The Israeli Occupation Archive interviews Haneen Zoabi, a Palestinian member of Israel’s parliament who became known around the world after her participation in the Gaza Flotilla aboard the MV Mavi Marmara.
During the past year, a series of ethnocentric and other legislative initiatives were introduced in the Knesset, designed to define loyalty to the state as Jewish; severely penalize participation in non-violent BDS actions against the occupation; enable discrimination in housing and access to land via “Admission Committees” that can bar Palestinian Israelis from residing in hundreds of communities to keep them exclusively Jewish; punish NGOs that protect the civil rights of citizens by limiting or taxing international funding sources they depend on; limit the press; influence the Supreme Court; and more.
How do these efforts affect the million and a half Palestinian citizens of Israel, and how do you see future relations between Arab and Jewish citizens of Israel unfolding over the next few years?
HZ: First of all, the situation of the Palestinians in Israel is not new. I don’t agree with the [Israeli] left’s description that we are moving from a democratic to a fascist state. It is a gradual continuation of long-standing policies that confiscated my land; that discriminate against me; and that refuse to recognize me as an equal citizen and as one of the owners of this homeland.
The problem is not simply the terms of citizenship: We want to be equal to the Jews, but also, as the indigenous people, this homeland belongs to us. I want to be equal not because I immigrated or because I’m a citizen. Primarily I want to be equal because it is my homeland and nobody has the right to take it away. And when I ask for this kind of equality, not as an immigrant but as a member of the indigenous people, as the owner of this land, then I am already making a compromise, making a huge compromise. In this context, just asking for equality with the Jews is a compromise.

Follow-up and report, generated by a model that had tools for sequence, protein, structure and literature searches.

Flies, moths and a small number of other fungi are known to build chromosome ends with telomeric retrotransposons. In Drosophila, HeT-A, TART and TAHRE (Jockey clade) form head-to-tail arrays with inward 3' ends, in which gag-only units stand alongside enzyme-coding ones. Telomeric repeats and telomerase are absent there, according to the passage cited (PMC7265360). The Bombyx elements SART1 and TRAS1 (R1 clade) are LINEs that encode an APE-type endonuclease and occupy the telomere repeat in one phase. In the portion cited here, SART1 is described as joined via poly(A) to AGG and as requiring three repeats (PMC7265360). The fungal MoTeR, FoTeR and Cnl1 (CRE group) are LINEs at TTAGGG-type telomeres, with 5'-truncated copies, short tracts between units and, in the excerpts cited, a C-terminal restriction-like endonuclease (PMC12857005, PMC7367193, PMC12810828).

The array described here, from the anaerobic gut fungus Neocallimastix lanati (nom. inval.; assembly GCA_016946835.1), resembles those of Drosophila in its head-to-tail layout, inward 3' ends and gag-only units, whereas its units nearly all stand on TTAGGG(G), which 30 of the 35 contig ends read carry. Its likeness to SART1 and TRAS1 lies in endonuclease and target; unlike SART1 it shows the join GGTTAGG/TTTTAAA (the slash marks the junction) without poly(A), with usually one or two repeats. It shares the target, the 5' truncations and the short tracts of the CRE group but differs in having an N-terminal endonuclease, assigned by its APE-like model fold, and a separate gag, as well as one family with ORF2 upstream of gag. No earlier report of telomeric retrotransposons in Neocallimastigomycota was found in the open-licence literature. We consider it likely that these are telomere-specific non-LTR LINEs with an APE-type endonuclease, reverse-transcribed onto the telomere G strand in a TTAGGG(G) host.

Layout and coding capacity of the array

But there is also something new, something that really changed in the nature of the racism and discrimination. Earlier, the racism and discrimination were inherent in policies that were part of Israel’s liberal and democratic discourse.
The state really believed it could be Jewish and democratic, and defended Israel as though there was no contradiction between the values of Jewishness and democracy. When many years ago my party [the National Democratic Assembly] started pointing out that there was a contradiction between the two, its arguments seemed to many to be dangerous. We found ourselves defined as a “strategic threat.” Israelis and the world would say: What’s the contradiction? Others – the Shin Bet, the domestic intelligence service, and mainstream politicians – would say that this undermines Israel as a “Jewish and democratic state.”
Now, even Israeli policy-makers understand the problem. These [anti-democratic] laws have forced some of the Knesset members to say, “If there’s a contradiction between Jewish values and democratic values, we prefer the Jewish values.” Now it’s not even a question of which value they prefer, it’s clear they prefer to be Jewish over being democratic.
Now, this is a new reality, not just a continuation of the [old] policies of racism and Judaization. Israeli Jews don’t hesitate now to say “We prefer the Jewish values,” and they are willing to use these values to justify discrimination, racism and treating Palestinian citizens as a strategic threat.
Because, if Jewish values are at the core of policy – and this obsession with the Jewishness of the state is part of a new political culture – and we are not Jewish, and we will not give up our rights, then obviously we present not just an alternative view, but something that contradicts the state’s very legitimacy: not the religious aspects, but the political aspects, meaning Zionism. Because Jewishness here means Zionism, not Judaism. It is misleading to talk about a Jewish and democratic state; it is a Zionist state. Because we are challenging these policies, it has become natural to say that our struggle, our very existence, is threatening the state. This is new.